Recycling reduces the garbage placed in landfills, which helps the environment by reducing the need for new landfills. According to the Environmental Protection Agency, there are over 3,000 active landfills in the United States and over 10,000 old municipal landfills. Because modern landfills are sealed tightly in an attempt to protect the environment from contamination, they also inhibit degradation of organic waste. Items that consumers purchase because they are biodegradable and therefore, are supposed to decay quickly, are taking decades to decay when sealed off from air and water. Papers, including newspapers, are a major filler of modern landfills. If individuals would recycle all of their newspapers, they could significantly prolong the use of each landfill, not to mention save many trees from being cut down.
Batteries and components used in electronic devices such as cell phones, computers and toys are harmful to the environment as they decompose and therefore should be recycled. Old computer monitors may contain as much as eight lbs. of lead. Flame retardants are used in the manufacture of plastic cases and components as well as cadmium. These are all harmful to the environment and people if they swallow them or breathe in fumes. Of course, that is what can happen around unregulated landfills. The air and water often become contaminated as water passes over these components, leaching the chemicals into the soil and underground water. Eventually the chemicals in the underground water spread, contaminating area wells, streams and rivers, and eventually the fish and other seafood that we eat. Harmful emissions begin to rise into the air surrounding unregulated landfills. Recycling old batteries, computers, and other electronic devices can reduce or eliminate these hazardous chemicals from contaminating our water and food. The old landfills still in use are also fraught with pests such as rats, flies and mosquitoes that spread germs and disease for miles around the landfill.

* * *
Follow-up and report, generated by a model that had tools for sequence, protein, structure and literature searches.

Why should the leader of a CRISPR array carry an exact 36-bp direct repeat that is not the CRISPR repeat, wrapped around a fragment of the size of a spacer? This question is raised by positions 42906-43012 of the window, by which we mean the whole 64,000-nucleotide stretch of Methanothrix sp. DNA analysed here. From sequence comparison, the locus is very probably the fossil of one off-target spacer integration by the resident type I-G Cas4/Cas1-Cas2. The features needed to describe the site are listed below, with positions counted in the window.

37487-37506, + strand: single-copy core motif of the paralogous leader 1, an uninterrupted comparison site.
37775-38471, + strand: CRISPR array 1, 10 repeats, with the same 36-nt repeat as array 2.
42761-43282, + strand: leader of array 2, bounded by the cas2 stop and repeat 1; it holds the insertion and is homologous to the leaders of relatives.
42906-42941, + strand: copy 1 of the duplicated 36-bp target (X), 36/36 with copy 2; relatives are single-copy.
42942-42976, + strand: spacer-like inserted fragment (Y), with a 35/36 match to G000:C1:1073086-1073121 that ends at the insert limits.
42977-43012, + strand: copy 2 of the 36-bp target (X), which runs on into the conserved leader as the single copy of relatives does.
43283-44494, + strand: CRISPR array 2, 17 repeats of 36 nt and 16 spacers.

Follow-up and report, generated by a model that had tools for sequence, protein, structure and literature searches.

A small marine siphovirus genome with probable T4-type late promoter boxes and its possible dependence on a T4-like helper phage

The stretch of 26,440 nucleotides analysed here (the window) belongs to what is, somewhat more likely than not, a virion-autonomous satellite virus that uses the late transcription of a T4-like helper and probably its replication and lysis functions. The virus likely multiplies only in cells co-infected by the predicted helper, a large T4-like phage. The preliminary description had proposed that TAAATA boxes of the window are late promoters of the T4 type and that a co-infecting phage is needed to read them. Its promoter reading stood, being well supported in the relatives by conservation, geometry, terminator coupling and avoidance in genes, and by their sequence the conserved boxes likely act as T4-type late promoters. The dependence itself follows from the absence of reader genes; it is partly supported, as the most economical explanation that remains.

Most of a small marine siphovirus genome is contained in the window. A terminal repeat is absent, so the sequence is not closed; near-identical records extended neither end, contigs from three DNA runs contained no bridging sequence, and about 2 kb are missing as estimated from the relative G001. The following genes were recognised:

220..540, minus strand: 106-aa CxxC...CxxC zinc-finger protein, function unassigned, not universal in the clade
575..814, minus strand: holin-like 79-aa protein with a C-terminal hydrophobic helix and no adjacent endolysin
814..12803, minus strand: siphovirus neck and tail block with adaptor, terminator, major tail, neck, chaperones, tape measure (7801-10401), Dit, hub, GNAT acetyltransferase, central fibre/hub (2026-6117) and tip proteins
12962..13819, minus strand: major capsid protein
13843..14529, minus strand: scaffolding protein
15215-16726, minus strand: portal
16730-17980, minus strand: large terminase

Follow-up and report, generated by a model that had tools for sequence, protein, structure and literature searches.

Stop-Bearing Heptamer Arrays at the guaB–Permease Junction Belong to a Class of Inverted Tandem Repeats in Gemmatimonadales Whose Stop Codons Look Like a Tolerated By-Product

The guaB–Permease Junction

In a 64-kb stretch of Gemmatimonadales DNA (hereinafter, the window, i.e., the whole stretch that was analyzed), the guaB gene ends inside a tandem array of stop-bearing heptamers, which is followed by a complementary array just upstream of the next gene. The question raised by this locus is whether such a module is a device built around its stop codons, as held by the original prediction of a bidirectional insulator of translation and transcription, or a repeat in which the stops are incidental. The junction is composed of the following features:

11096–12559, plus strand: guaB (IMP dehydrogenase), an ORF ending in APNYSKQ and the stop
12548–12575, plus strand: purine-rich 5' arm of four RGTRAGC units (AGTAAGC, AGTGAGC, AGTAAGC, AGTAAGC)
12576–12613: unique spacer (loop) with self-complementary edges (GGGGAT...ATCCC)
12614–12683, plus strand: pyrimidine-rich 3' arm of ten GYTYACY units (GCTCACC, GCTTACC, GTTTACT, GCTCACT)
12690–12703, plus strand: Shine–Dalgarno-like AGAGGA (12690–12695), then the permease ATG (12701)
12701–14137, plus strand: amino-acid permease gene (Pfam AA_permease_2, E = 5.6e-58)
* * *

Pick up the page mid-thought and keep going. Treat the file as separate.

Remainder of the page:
Saves Precious Resources
Recycling saves our precious resources from being used up. Recycling newspapers, cardboard and junk mail can save trees from being cut down. Of course, the trees provide oxygen for us to breathe and remove harmful carbon dioxide from the air. Remember that the forest also provides homes for animals and plants, some of which are becoming extinct from losing their natural habitat. Recycling plastic products such as bottled water, soda bottles, and milk and juice jugs also reduces the need for new petroleum to make new plastic products.